20 February 2014
Last updated at 23:49
Dozens have reportedly been killed in clashes with security forces in Ukraine, after a fragile truce called by President Viktor Yanukovych collapsed.
Some readers may find the images of Thursday's violence distressing.
Fresh clashes erupted in Ukraine on Thursday between hundreds of anti-government demonstrators and security forces in Independence Square, the main protest site in the capital, Kiev.
After pushing back police in the square, demonstrators began to rebuild barricades, which security forces had tried to clear on Tuesday in an "anti-terror operation".
And some protesters in Independence Square prepared petrol bombs. The opposition was blamed for starting the renewed violence with a statement on the presidential website saying the "calls for a truce and dialogue were nothing but a way of playing for time to mobilise and arm militants".
Demonstrators collected empty cartridges to show that police used live ammunition to shoot at crowds. Witnesses said some people died as a result of single gunshot wounds, typical of sniper fire.
Hundreds of people have been injured in the clashes. Here, protesters are seen helping volunteer medics carry a wounded man from Independence Square.
Medical volunteers turned the lobby of Kiev's Ukraine hotel into a triage centre for the wounded. The hotel is also serving as the base for all foreign media in Kiev. Correspondents reported that gunshots had pierced their room windows.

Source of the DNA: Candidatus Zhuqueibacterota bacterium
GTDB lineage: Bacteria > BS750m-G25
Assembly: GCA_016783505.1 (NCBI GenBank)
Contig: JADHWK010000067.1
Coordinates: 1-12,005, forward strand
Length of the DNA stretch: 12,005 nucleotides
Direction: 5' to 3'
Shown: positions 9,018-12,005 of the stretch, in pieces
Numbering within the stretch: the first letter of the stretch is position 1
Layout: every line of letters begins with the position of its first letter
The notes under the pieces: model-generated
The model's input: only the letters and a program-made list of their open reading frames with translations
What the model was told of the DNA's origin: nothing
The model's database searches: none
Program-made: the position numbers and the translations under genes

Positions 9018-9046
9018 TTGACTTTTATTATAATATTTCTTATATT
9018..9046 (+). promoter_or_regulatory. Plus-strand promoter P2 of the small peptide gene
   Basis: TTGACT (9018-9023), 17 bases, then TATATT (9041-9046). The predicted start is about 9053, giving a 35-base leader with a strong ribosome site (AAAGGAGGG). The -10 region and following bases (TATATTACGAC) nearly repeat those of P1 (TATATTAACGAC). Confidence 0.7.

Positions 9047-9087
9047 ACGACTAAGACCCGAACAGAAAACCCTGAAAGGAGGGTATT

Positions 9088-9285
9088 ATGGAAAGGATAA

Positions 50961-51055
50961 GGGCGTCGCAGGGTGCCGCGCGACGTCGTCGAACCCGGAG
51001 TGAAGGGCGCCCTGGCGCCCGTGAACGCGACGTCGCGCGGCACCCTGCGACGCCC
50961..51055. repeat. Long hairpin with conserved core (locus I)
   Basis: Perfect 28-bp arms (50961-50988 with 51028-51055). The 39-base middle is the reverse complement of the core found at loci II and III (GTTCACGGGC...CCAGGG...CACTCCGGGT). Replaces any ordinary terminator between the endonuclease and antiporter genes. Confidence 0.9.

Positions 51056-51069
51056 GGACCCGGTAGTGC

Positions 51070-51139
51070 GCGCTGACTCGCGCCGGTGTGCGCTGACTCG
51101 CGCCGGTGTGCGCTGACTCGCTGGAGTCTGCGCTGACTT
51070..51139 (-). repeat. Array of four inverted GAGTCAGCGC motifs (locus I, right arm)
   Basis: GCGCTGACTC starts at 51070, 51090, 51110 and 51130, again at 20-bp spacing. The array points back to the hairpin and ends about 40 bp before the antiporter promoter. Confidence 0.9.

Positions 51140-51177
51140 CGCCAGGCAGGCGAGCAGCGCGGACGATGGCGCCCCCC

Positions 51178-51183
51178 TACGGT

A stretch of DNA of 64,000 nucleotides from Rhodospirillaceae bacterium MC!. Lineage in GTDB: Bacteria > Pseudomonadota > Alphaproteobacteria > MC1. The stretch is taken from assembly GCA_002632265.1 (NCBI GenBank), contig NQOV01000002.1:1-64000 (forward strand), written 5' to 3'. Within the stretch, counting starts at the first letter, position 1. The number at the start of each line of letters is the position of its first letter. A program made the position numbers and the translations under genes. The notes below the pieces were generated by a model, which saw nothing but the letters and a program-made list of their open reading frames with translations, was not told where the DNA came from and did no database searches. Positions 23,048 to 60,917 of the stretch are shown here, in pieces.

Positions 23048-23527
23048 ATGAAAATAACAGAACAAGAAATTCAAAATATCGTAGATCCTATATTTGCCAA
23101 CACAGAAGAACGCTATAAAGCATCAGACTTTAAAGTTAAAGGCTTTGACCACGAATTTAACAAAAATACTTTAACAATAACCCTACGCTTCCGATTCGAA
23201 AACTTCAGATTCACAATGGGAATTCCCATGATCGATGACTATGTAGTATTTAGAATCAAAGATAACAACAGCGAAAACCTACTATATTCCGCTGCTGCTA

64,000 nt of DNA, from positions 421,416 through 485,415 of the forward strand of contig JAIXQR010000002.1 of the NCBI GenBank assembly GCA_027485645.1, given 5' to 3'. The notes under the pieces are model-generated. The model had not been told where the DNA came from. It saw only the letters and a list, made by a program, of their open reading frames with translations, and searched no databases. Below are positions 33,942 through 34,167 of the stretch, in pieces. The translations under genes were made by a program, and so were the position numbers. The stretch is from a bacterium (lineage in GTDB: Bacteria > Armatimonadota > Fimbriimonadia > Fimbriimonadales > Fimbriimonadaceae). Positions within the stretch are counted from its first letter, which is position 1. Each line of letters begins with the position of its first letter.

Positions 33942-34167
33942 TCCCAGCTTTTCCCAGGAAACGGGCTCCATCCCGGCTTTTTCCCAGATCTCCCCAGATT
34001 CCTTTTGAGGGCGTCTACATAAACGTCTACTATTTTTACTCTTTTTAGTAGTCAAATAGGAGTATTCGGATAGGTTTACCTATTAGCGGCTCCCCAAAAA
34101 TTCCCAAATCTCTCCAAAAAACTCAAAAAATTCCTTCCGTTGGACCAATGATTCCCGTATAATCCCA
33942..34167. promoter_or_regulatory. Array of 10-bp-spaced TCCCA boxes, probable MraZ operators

Protesters - some of them armed - asked hotel guests for blankets to use as bandages.
The new violence came as foreign ministers from France, Germany and Poland were meeting President Yanukovych on Thursday. The talks had to be moved from their original location for security reasons.
Riot police were deployed to guard the Ukrainian parliament. Authorities said more than 20 officers had been injured in clashes with protesters.
Protesters pass bricks to each other to build more barricades at Independence Square. On Thursday, EU foreign ministers agreed to impose sanctions on Ukrainian officials "responsible for violence and excessive force". The sanctions include asset freezes and visa bans.
The protests first erupted in November when President Yanukovych rejected an association and trade deal with the EU in favour of closer ties with Russia. Since then, the protests have spread across Ukraine, with demonstrators' main demand being snap presidential and parliamentary elections.